Christy Wilson, a family and consumer science teacher at Clover High School, is the 2013-2014 recipient of the Charles Dickerson Community Service Award.
The Teacher of the Year for the Clover School District and Teacher of the Year for Clover High School was honored during Wednesday night’s Teacher of the Year banquet in Columbia.
Gov. Nikki Haley presented Wilson with the honor, which is given annually to a district Teacher of the Year who exemplifies a true spirit of community service. The award was established for Charles (Charlie) Dickerson, former CEO of The R.L. Bryan Co., who died in 2006.
The award is given with a $1,000 prize from Bojangles’, half of which Wilson can use in the classroom and half the can be given to charity.
Sign Up and Save
Get six months of free digital access to The Herald
Wilson is a CHS alumni and is finishing her 16th year of teaching.
Her program “It’s Sew Easy to Help Others” gives students an opportunity to give back to the Clover community. Her students make drawstring health kit bags for the Clover Area Assistance Center, “hope pillows” for children at the Ronald McDonald House and the York County Children’s Attention Home, lap blankets for wheelchair-bound patients at area Hospice centers and retirement homes, Christmas stockings for local charities and “placement purses” for the Children’s Attention Home.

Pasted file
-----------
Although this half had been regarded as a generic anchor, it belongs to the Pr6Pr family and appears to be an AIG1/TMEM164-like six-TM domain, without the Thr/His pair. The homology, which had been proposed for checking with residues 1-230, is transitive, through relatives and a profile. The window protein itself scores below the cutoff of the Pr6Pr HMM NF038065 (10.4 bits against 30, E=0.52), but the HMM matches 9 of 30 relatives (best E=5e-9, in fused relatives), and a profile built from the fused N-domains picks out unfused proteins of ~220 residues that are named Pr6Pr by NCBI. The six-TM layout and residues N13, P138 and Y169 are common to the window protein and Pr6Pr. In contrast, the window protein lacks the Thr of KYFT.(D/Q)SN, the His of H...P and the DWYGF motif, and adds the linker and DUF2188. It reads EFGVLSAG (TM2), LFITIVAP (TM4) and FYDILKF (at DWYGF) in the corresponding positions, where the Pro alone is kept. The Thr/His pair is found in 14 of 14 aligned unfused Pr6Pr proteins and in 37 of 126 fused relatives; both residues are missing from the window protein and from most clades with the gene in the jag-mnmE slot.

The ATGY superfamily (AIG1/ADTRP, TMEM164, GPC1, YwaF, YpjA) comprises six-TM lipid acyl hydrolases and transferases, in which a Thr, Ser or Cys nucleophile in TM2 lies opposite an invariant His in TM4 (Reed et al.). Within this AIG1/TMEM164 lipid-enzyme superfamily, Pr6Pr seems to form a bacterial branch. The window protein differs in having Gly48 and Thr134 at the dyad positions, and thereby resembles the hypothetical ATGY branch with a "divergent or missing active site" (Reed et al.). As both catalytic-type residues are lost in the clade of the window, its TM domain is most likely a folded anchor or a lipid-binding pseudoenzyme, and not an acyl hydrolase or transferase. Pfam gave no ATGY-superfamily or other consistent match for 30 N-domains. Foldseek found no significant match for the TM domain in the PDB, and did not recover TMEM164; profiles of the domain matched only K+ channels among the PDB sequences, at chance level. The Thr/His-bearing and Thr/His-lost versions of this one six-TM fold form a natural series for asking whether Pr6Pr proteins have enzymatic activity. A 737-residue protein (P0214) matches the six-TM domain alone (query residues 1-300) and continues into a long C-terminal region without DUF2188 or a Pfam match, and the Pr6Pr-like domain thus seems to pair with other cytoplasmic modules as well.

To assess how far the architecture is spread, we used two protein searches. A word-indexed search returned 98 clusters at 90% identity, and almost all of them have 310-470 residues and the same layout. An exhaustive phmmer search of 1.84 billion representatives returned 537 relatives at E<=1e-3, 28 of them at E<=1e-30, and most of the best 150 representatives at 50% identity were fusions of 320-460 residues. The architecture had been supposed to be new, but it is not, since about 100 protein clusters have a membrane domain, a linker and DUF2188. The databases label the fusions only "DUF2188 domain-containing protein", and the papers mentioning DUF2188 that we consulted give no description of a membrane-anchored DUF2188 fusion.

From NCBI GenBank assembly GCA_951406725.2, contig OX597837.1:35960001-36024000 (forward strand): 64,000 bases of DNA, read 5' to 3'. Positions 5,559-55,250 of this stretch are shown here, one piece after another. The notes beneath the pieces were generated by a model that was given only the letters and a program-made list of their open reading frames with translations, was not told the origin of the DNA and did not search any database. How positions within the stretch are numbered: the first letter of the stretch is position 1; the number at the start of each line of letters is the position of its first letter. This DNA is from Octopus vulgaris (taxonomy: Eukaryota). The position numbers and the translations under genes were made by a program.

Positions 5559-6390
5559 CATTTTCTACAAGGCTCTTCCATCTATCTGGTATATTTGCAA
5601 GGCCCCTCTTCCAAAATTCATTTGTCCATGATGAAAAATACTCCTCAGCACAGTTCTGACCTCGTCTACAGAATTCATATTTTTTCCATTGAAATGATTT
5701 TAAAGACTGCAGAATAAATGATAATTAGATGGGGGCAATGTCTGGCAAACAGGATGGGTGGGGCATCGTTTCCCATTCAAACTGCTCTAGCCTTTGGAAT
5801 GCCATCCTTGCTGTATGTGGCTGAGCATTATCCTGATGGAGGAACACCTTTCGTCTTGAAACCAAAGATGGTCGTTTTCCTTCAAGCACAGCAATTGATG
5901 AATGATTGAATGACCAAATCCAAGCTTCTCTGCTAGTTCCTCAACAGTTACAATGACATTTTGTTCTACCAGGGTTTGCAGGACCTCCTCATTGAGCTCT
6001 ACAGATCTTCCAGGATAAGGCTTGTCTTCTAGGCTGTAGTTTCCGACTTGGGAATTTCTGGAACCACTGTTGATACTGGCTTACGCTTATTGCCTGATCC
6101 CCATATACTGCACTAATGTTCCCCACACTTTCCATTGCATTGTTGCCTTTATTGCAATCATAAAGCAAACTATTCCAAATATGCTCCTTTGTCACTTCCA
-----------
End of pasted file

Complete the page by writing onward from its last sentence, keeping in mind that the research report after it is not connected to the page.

Her students also make contributions annually to an international project in which dresses are sewn and donated to Dress a Girl Around the World, a charitable organization that distributes dresses to third world countries.
A faculty sponsor and leader with the Family, Career and Community Leaders of America, Wilson guides her students through projects that include collecting and altering donated prom dresses for those who would otherwise not be able to attend the prom due to financial issues. This initiative not only includes students at Clover High School but other area schools.
Wilson was also honored last year as the South Carolina FACS Teacher of the Year.
A graduate of Winthrop University, Wilson said, “the content we cover affects their view of what healthy relationships are and they share these new ideas with their families and friends. The skills they acquire can be used in the workforce, their family units, and the community.”